Our work shows how the failure of credit markets in Africa to function efficiently might combine with institutional failures to inhibit bank lending. Credit markets can malfunction when there is a shortage of information about borrowers, either information about their propensity deliberately to default on a loan (moral hazard) or information about the true return of the investment they intend to undertake and their likely ability to repay (adverse selection). Both of these problems will discourage banks from lending to domestic customers. Rule of law can mitigate these problems. If loan contracts are easier to enforce, then borrowers are less likely to default deliberately, or to choose to engage in investments they know to be highly risky. A legal system that is even-handed, consistent and free from corruption will make it easier for banks to enforce loan contracts.

Our study shows that a certain minimum standard of contract enforcement will ensure that the market does not malfunction, however substantial the underlying moral hazard and adverse selection problems are. Below this minimum standard, the expected liquidation value of defaulted loans is so low as to discourage banks from lending.  The degree to which this happens depends on both the extent of institutional failure and the proportion of borrowers who are bad default risks, either because they are opportunistic or because they have bad projects or bad luck.
We also provide empirical evidence on the magnitude of these effects by analyzing data on default rates and asset structure for individual banks in different African countries. Specifically, we show that there is a threshold standard of regulatory quality that will effectively protect banks from any level of moral hazard or adverse selection. This minimum standard is roughly that of the average country around the world (in the World Bank’s World Governance Indicators) – that is, a country which has quite a high standard for Africa. In countries which fall below this standard – that is, most countries in Africa – an increasing rate of loan defaults is associated with increasing liquidity. In the worst cases, with almost no effective regulation and a high propensity to default, banks will channel most of their deposits into foreign assets.

Our evidence confirms that many banks suffer from a shortage of information about the creditworthiness of many of their customers. As a result, local savings are not channelled into local investment, and the money leaves the local economy.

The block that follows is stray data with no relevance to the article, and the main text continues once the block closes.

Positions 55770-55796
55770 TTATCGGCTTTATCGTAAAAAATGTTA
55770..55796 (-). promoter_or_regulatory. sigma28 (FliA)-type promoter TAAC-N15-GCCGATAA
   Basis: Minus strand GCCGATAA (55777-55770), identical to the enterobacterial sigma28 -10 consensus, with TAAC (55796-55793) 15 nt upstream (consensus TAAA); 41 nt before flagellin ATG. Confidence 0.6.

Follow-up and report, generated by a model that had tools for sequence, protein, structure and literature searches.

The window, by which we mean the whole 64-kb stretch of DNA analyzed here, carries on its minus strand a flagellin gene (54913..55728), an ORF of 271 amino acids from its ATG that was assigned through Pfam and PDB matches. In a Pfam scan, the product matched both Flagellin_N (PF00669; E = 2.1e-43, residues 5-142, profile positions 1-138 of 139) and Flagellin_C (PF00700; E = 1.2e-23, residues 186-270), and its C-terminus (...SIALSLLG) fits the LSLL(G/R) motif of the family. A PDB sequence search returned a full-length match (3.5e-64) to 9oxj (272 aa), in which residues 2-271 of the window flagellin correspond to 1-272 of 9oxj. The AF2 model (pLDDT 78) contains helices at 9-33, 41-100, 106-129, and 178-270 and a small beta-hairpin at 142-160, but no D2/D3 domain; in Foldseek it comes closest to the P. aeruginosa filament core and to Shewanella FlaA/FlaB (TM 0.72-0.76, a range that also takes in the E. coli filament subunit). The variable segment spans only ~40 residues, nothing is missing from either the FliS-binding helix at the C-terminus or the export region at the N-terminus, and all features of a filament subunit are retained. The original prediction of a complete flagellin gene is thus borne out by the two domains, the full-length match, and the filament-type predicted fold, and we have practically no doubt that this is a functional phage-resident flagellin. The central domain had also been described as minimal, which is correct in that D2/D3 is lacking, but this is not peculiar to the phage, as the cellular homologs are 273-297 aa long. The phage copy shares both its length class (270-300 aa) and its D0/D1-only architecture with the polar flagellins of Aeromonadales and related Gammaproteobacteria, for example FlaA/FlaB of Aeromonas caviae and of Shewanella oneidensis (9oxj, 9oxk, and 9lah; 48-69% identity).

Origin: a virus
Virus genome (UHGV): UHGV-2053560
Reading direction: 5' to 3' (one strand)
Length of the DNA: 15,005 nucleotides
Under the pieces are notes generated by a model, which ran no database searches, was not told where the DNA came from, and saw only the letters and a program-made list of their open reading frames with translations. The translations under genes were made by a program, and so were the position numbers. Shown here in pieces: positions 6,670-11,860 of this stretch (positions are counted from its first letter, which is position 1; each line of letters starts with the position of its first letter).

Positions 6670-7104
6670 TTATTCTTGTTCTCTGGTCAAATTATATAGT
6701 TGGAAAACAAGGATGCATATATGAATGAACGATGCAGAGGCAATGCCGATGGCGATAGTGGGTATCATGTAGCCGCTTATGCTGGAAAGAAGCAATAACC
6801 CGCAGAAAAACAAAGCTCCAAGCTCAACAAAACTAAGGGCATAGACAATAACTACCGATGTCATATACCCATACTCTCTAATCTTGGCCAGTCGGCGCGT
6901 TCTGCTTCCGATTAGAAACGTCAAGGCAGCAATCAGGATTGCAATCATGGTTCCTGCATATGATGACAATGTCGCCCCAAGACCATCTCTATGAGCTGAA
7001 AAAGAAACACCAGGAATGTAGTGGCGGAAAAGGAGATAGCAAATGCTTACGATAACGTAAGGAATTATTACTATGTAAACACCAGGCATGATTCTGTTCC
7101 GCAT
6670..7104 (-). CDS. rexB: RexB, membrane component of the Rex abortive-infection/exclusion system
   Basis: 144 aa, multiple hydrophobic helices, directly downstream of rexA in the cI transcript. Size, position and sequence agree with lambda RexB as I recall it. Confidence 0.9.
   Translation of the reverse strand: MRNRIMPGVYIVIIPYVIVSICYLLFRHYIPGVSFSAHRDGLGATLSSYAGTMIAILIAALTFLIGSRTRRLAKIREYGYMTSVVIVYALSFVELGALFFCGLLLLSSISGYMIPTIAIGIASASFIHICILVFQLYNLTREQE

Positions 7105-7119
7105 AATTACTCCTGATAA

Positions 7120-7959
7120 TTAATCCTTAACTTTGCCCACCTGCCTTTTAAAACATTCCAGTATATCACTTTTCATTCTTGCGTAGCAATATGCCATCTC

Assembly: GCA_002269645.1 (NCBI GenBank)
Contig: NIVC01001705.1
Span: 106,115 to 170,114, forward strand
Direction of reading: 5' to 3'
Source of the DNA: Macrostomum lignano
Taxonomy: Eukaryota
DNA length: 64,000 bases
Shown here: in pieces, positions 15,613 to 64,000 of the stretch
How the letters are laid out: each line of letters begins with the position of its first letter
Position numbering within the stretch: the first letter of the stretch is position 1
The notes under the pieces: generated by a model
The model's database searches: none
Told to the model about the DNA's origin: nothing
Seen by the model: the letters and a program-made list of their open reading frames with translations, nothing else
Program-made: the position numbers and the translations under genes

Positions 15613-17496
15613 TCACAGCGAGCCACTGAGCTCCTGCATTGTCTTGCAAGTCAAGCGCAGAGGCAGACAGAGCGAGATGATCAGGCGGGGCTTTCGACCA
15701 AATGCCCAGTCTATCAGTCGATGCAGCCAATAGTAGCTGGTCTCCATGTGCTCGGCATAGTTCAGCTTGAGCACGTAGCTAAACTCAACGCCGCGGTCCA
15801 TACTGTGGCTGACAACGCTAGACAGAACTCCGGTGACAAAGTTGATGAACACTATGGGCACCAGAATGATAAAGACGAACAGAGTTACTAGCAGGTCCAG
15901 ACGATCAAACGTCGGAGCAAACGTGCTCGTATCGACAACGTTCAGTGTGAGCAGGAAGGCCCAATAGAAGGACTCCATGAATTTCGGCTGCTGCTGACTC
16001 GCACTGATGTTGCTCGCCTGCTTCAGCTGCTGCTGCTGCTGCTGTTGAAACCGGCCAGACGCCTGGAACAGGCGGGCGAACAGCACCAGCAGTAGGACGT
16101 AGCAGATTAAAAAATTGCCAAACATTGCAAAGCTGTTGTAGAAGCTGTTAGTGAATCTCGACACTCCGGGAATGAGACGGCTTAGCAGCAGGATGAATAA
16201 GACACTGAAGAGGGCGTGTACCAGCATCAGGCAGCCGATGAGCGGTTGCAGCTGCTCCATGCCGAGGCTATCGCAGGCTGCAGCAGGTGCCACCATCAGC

A companion study of banks operating in the WAEMU over 2000-2005 by Demetriades and Fielding (2011) – a summary of which can be found in Table 1 - reveals that banks which are older, or owned partly by foreign banks, are less sensitive to a high rate of default in the country, and more likely to shift assets abroad or take on government debt when the default rate rises. Younger banks without any foreign or government ownership are more sensitive. One possible ex planation for this difference is that younger local banks have relatively little information about their customers, or have relatively few long-standing relationships that dissuade customers from defaulting when it is convenient to do so. Similar problems arise in banks which do a relatively large amount of business away from the main financial centre in the country. Banks committed to lending to provincial customers are more sensitive to changes in national default rates. This might be because information about customers is more expensive to acquire in the provinces, or because regulatory quality tends to be weaker there. Interestingly, there is no strong association between the sensitivity to loan default and the overall profitability of a bank. Banks which lend less to local households and businesses, and acquire foreign or government assets instead, are not significantly less profitable. The alternatives are typically much more liquid, but their average rate of return is apparently not that much lower than conventional lending. This may be part of the problem.

Table 1. Average effect of a one percentage point increase in the national default rate on a bank's loans-to-assets ratio (in percentage points).

completely domestically owned

completely foreign owned


20 provincial branches

no provincial branches

20 provincial branches

no provincial branches

1 year

-7.5 pct. pts.

-4.7 pct. pts.

-6.4 pct. pts.

-3.6 pct. pts.

10 years

-6.5 pct. pts.

-3.7 pct. pts.

-5.4 pct. pts.

-2.6 pct. pts.

20 years

-5.5 pct. pts.

-2.7 pct. pts.

-4.4 pct. pts.

-1.6 pct. pts.

30 years

-4.4 pct. pts.

-1.6 pct. pts.

-3.3 pct. pts.


40 years

-3.4 pct. pts.


-2.3 pct. pts.


Many new banks have been created in the last twenty years, but this has not led to significantly more competition in the loans market, because the younger banks lack the market information to make much money out of lending locally.

Aside from encouraging improvements in institutional quality, one way to widen access to bank loans might be through creating or increasing the number of credit information bureaux.

By Svetlana Andrianova, Reader (Associate Professor) in Economics, University of Leicester, United Kingdom,
with Badi H. Baltagi, Distinguished Professor of Economics, Center for Policy Research, Syracuse University, USA, and Professor of Economics, University of Leicester, United Kingdom
Panicos Demetriades, Professor of Financial Economics, University of Leicester, United Kingdom
David Fielding, Professor of Economics, University of Otago, New Zealand

Andrianova, S., B. Baltagi, P.O. Demetriades and D. Fielding. 2011. “Why Do African Banks Lend So Little?”, University of Leicester Working Paper No. 11/19.
Demetriades, P.O. and D. Fielding. 2011. “Information, Institutions and Banking Sector Development in West Africa, Economic Inquiry, Early View